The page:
Carl Jung and the physicist Wolfgang Pauli developed the term synchronicity to describe the phenomenon of “meaningful coincidence,” but as many readers of Reality Sandwich know, these events are personal ones that often break open our heads and our hearts. They pull back the curtains of normalcy, embedded as we are in the frenetic paces of modern life, to reveal a reality whose substance resembles more the stuff of thought. In these often brief, glimmering shifts of perception, time and space are irrevocably bound up in myth and wonder, naturally directing us to the works of mystics, indigenous wisdom holders and contemplatives, but also to the “high weirdness” of quantum physics and modern science. It’s a place that demands – like Jung’s psychology and Pauli’s physics – that science and spirituality have their lines blurred. These meaningful coincidences shatter the ideological curtain between meaning and matter, daring us to consider that whatever reality is, it’s “hermeneutical,” as religious scholar Jeffrey J. Kripal suggests.
In this exclusive clip from the forthcoming documentary film, Time is Art, Jennifer’s quest to find the meaning of symbols that keep appearing in her life lead her to a labyrinthine exploration of cosmology and synchronicity with artist Justin Gray Morgan. They discuss the failure of our current calendar and how shifting our perception of time can create new possibilities and awaken the divine spark within us all. Works by Manly P. Hall, Carl Jung, and Jose Arguelles are explored, marking an important point in Jennifer’s journey.
Filmmakers Take Risks with a Controversial Documentary that Blurs the Line Between Science and Spirituality
Brooklyn, NY – 5 April 2015
Brooklyn-based independent filmmakers and husband and wife team, Joél Mejia and Katy Walker, are close to finishing a three year project that documents a mysterious phenomenon called synchronicity, first discovered by renowned psychotherapist, Carl Jung. Their documentary film, Time is Art, follows the journey of a writer trying to make sense of the recurring symbols and strange coincidences that she began experiencing after 9/11 and the death of a loved one.
The filmmakers did not set out to make another “new age” film, instead their film aims to merge science and spirituality, and addresses the very real phenomenon of meaningful coincidences. What the filmmakers discovered is that there is a growing ecosystem and culture inspired by synchronicity all around the world that is eager to make sense of a world ravaged by environmental destruction, corruption, income inequality, and social unrest. Together with some of the leading voices in psychoanalysis, parapsychology, biology, and activism in art, the filmmakers explore a reality where time is transformed from a unit that can be measured and commodified -“Time is money”- to an experience of oneness with the natural rhythms of nature and the universe. It is here that the filmmakers discovers that time is, in fact, art.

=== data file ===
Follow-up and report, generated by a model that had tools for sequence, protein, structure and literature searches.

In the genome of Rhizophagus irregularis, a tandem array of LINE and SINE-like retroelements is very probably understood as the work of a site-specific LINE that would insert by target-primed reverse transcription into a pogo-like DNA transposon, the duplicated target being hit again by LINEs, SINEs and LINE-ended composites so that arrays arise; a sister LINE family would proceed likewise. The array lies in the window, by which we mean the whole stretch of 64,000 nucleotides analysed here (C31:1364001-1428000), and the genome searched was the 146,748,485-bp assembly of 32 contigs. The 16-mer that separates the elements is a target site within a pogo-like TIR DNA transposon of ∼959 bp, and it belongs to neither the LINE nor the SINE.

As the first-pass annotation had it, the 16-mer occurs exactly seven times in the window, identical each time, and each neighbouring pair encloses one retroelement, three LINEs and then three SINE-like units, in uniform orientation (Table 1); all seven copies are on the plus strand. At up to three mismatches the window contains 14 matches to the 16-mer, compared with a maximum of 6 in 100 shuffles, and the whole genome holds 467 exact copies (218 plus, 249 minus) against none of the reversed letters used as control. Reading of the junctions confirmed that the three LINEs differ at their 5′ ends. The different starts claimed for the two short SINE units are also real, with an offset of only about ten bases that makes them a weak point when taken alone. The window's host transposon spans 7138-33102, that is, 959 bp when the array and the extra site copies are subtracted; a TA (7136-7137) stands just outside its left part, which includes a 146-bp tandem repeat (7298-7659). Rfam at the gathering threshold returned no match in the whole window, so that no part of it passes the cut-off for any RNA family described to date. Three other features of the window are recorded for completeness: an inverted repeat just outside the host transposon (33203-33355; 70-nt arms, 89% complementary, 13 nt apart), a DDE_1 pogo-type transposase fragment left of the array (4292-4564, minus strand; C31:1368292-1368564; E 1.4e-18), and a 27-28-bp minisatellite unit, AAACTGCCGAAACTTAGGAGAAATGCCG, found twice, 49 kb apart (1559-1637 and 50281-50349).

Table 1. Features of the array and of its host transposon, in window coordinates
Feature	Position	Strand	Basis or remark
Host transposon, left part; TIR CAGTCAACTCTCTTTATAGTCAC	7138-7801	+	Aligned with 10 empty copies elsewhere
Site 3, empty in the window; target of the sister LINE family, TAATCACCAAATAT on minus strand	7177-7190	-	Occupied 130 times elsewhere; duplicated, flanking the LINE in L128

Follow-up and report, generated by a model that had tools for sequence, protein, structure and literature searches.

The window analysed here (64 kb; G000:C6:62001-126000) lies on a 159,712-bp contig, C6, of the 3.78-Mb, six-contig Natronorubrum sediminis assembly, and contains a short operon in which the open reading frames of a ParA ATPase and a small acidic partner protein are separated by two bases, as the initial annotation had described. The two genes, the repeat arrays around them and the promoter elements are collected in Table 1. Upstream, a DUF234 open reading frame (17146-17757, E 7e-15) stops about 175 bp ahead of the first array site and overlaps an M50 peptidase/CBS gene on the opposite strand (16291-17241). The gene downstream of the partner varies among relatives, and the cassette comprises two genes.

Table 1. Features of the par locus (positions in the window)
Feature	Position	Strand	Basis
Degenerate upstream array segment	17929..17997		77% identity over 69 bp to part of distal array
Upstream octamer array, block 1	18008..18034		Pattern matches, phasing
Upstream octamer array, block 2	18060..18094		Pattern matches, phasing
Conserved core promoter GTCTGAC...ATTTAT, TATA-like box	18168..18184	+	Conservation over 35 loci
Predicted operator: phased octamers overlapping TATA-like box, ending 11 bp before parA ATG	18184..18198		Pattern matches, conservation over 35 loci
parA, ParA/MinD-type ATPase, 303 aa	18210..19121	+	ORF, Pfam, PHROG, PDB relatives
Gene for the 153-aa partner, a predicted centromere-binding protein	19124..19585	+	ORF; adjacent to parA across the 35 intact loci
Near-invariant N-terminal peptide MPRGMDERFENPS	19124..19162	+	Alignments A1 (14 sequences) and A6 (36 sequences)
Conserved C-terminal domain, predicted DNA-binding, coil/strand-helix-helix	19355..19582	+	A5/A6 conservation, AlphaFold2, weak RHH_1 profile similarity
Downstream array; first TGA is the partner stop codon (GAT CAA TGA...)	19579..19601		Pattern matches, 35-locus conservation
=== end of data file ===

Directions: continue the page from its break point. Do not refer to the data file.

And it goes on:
The filmmakers aspire to bridge the gap between the format of the cult classic film like Richard Linklater’s “Waking LIfe” and the documentary, “What the Bleep Do We Know”, by taking an unconventional approach that allows audiences to experience reality as Jennifer Palmer, a corporate IT specialist turned writer, begins to see it – one less concerned with linear storytelling, and more open to the cyclical patterns of nature, the hidden meanings of symbols, and the dreamlike overlapping of people, places, and moments. Visually captivating images of urban and natural landscapes, visionary art and street murals, excerpts of Jennifer’s writing, and compelling conversations with fellow seekers and mystics like Toko-Pa Turner, Richard Tarnas, Ph.D, Graham Hancock, biologist, Rupert Sheldrake, and visionary artists, Allyson & Alex Grey, guide us through the underlying premise of the film: perhaps we can tap into a way of being that is not ruled by a finite sense of time, but rather by the ability to live in harmony with the true creative nature of our existence.
Inspired by acclaimed & visionary author Jose Arguelle’s studies in ancient indigenous wisdom, this film explores the idea that modern humanity is immersed in an erroneous and artificial perception of time that deviates from the natural order of the universe. We have become disconnected from the natural rhythms of the earth by focusing our energy and intelligence solely on money, consumerism and exploitation while deep down inside, we crave the return to a foundation of culture, community, and creativity.
As Jennifer navigates the labyrinth of her own light and darkness, she opens herself to a new reality in which everyone and everything appear connected by a larger purpose. She is revealed to be part of a global movement of people challenging a linear and restrictive consciousness in exchange for one grounded in meaningful connection and action – a template for a new era where we are one with the earth and each other.
Time is Art is produced by Things Are Changing Productions, an independent production company “for seekers of conscious media.” The filmmakers will be launching a crowdfunding campaign in June to raise funds to complete the film, to raise awareness and continue to build their audience and community. For more information about the film, visit www.thesyncmovie.com and www.thingsarechanging.com. You can also support the making of the film by purchasing a pre-sale copy. They also have 9 webisodes from the ongoing web series “SyncStories” available via youtube, a series of short videos where inspiring stories about synchronicity are shared.
Photo credit: Mandala Mural by Chris Soria & Groundswell